Justin J. Sanders, MD, MS, Vinca Chow, MD, Andrea C. Enzinger, MD, Tai-Chung Lam, MBBS, Patrick T. Smith, MDiv, PhD, Rebecca Quin ̃ones, MTS, Andrew Baccari, MDiv, Sarah Philbrick, BS, Gloria White-Hammond, MD, MDiv, John Peteet, MD, Tracy A. Balboni, MD, MPH, and Michael J. Balboni, PhD, ThM, MDiv

ABSTRACT

Background: People with serious illness frequently rely on religion/spirituality to cope with their diagnosis, with potentially positive and negative consequences. Clergy are uniquely positioned to help patients consider medical decisions at or near the end of life within a religious/spiritual framework.

Objective: We aimed to examine clergy knowledge of end-of-life (EOL) care and beliefs about the role of faith in EOL decision making for patients with serious illness.

Design: Key informant interviews, focus groups, and survey.

Setting/Subjects: A purposive sample of 35 active clergy in five U.S. states as part of the National Clergy End- of-Life Project.

Measurement: We assessed participant knowledge of and desire for further education about EOL care. We transcribed interviews and focus groups for the purpose of qualitative analysis.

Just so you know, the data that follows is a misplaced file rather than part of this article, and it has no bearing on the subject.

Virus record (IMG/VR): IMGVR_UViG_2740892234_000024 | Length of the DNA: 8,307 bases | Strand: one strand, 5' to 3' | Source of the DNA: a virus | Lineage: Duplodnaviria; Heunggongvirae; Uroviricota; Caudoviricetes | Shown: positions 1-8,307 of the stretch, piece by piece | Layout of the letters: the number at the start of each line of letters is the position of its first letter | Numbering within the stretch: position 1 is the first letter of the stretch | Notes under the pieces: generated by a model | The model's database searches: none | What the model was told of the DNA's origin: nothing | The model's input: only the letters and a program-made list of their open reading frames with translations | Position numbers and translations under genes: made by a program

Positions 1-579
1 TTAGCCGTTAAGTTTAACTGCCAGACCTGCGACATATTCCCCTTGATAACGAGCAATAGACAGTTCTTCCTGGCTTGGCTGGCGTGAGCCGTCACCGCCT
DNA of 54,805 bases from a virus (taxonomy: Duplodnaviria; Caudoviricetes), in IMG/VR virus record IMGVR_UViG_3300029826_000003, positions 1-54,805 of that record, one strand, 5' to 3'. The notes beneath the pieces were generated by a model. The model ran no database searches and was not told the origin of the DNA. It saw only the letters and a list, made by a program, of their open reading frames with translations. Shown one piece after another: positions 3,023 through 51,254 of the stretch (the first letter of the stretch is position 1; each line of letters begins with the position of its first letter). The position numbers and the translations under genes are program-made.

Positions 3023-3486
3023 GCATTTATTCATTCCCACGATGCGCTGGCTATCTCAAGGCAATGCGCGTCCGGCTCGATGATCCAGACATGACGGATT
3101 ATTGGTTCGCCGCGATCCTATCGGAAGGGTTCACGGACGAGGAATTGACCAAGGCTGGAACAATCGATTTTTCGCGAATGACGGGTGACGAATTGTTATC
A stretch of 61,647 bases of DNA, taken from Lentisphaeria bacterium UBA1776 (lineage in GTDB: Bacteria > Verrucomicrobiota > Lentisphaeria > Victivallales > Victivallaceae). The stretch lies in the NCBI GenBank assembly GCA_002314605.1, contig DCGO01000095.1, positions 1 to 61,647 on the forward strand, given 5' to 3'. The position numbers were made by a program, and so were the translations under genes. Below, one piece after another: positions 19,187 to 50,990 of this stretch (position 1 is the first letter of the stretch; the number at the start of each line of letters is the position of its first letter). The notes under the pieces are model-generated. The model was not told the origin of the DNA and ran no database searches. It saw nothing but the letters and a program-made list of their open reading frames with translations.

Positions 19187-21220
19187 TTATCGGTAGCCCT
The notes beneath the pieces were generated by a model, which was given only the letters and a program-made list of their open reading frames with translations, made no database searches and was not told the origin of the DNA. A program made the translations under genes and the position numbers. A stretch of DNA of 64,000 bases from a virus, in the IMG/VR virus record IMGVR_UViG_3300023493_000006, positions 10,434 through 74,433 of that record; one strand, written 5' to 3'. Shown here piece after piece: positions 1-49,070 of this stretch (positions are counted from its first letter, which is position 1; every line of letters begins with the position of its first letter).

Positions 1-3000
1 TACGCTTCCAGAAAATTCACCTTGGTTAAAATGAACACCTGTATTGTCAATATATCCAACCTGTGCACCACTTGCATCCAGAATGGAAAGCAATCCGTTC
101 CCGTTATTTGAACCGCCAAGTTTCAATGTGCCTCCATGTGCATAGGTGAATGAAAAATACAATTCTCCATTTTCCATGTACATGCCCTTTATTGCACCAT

Results: Clergy had poor knowledge of EOL care; 75% desired more EOL training. Qualitative analysis revealed a theological framework for decision making in serious illness that balances seeking life and accepting death. Clergy viewed comfort-focused treatments as consistent with their faith traditions’ views of a good death. They employed a moral framework to determine the appropriateness of EOL decisions, which weighs the impact of multiple factors and upholds the importance of God-given free will. They viewed EOL care choices to be the primary prerogative of patients and families. Clergy described ambivalence about and a passive approach to counseling congregants about decision making despite having defined beliefs regarding EOL care.Conclusions: Poor knowledge of EOL care may lead clergy to passively enable congregants with serious illness to pursue potentially nonbeneficial treatments that are associated with increased suffering.

Keywords: clergy; clinical decision making; palliative care; pastoral care; religion; serious illness; spirituality

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